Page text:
The Inheritance Act allows certain groups of people to make a
claim against an estate if they can show that the deceased did not
make 'reasonable provision' for them in the will.
People eligible to make a claim
Six groups of people may make a claim under the Inheritance
spouses and civil partners;
children (including adult
someone who lived with the deceased
for two years immediately prior to death;
someone 'treated by the deceased
as a child of the marriage';
someone being 'maintained by the
ex-spouses and ex-civil partners,
under certain circumstances.
Claims brought by these types of individuals may give rise to
more complicated factual issues.
A claim under the Inheritance Act should be issued within six
months after the 'grant of representation', which is the
formal document issued by the Probate Registry that allows the
executor to pay the deceased's debts and distribute the
A Court will ask two questions in looking at a claim under the
Inheritance Act. Does the will (or the 'laws of intestacy'
if there is no will) make 'reasonable financial provision'
for the person bringing the claim? If not, what provision should be
In weighing these questions, the Court will look at various
factors including the financial needs and resources of the person
bringing the claim, the needs and resources of the beneficiaries
under the will, the needs and resources of anyone else making a
claim, the size of the estate, any beneficiaries' disabilities,
and any other matter the Court thinks is relevant. This is a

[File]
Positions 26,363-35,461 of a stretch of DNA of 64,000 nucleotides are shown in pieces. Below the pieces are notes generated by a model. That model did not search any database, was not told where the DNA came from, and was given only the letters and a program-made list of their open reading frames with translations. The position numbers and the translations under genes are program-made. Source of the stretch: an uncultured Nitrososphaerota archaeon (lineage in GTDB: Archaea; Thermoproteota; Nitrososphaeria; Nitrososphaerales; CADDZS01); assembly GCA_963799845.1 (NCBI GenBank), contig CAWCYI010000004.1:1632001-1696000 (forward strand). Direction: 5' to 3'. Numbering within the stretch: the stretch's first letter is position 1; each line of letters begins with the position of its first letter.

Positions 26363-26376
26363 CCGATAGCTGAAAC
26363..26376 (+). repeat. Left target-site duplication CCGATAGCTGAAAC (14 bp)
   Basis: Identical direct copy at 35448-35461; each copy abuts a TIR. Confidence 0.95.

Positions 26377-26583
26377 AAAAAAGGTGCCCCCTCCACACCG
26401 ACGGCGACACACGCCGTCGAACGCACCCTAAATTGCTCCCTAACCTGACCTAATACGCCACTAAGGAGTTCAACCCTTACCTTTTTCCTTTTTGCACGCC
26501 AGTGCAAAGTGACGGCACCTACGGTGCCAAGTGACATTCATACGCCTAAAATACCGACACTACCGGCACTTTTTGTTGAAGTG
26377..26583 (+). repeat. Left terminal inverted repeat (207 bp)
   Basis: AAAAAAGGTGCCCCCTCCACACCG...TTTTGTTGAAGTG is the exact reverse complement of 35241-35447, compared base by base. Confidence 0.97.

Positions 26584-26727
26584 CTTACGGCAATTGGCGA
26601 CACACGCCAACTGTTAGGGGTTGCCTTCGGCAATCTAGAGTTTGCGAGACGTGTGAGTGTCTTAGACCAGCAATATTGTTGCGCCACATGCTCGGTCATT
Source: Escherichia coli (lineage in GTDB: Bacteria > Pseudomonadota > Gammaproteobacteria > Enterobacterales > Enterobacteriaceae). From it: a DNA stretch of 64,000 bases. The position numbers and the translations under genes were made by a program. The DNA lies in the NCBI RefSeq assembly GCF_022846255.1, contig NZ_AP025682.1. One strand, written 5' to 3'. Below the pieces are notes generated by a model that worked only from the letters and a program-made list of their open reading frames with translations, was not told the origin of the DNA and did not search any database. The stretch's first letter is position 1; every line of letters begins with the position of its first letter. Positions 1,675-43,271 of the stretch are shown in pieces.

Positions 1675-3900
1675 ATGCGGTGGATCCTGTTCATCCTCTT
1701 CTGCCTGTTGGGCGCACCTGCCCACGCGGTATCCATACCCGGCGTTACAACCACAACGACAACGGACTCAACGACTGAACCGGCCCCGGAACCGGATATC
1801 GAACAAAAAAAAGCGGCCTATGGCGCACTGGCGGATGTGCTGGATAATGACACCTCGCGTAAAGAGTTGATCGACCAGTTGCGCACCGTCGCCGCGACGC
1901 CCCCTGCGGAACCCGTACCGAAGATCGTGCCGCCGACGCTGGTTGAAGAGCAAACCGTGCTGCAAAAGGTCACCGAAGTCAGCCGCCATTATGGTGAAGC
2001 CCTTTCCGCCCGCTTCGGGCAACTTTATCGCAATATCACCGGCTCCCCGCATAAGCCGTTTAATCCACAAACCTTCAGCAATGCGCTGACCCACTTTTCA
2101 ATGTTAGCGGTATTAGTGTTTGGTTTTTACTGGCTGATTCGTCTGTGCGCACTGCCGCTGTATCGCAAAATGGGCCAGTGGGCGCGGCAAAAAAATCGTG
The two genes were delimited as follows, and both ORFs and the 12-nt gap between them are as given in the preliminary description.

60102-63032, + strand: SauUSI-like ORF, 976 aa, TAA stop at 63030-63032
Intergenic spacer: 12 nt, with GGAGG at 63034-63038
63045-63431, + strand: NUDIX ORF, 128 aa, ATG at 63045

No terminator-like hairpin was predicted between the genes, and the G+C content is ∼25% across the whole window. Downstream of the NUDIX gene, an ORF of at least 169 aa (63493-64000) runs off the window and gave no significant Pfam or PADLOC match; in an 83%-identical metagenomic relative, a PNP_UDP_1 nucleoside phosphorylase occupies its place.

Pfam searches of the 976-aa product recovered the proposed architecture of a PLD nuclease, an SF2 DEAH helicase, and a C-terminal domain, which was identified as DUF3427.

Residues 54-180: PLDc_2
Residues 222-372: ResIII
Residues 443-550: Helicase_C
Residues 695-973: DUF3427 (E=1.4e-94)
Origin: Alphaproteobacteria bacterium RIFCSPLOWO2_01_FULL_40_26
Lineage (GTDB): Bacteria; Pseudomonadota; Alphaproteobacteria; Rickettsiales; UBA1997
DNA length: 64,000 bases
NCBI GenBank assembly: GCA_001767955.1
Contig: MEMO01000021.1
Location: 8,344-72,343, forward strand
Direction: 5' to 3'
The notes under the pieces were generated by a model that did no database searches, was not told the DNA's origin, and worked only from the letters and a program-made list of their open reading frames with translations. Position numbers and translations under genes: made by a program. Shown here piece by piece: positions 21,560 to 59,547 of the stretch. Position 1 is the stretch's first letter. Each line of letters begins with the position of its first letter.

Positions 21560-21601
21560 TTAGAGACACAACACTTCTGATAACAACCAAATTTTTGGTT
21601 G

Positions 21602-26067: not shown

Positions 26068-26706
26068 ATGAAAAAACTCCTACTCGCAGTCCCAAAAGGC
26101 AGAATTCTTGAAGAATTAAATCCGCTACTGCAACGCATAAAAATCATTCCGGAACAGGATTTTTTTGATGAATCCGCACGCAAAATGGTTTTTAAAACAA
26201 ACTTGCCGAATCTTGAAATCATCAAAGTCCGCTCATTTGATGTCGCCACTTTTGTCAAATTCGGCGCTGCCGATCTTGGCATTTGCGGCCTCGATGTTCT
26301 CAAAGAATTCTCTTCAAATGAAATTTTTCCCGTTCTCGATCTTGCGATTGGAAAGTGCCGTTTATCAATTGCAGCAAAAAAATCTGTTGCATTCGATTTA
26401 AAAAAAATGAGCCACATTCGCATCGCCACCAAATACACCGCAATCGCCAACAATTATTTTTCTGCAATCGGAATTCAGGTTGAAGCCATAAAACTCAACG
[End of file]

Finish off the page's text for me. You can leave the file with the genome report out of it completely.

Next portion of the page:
fact-specific approach: each case is different and requires expert
Claims under the Inheritance Act
These claims can involve a great deal of emotion and the Court
will do a thorough analysis of all the parties' financial needs
and resources. As a result, whether you are bringing or defending a
claim under the Inheritance Act, ensuring your case is as strong as
possible will require a good deal of homework.
Finally, while most claims settle out of Court, in recent years
a number of these claims have ended up in Court. For example, Ilott
v Mitson is a claim involving an estranged daughter who was
disinherited by her mother in favour of three charities; the case
has been going through the courts since 2007, so you do need to be
prepared, if necessary, to take a claim to trial.
The content of this article is intended to provide a general
guide to the subject matter. Specialist advice should be sought
about your specific circumstances.
To print this article, all you need is to be registered on Mondaq.com.
Click to Login as an existing user or Register so you can print this article.
The Supreme Court ruling, expected today, in the case brought by Heather Ilott following her exclusion from her mother Melita Jackson's will should assist in clarifying the law relating to the grounds . . .
Register for Access and our Free Biweekly Alert for
This service is completely free. Access 250,000 archived articles from 100+ countries and get a personalised email twice a week covering developments (and yes, our lawyers like to think you’ve read our Disclaimer).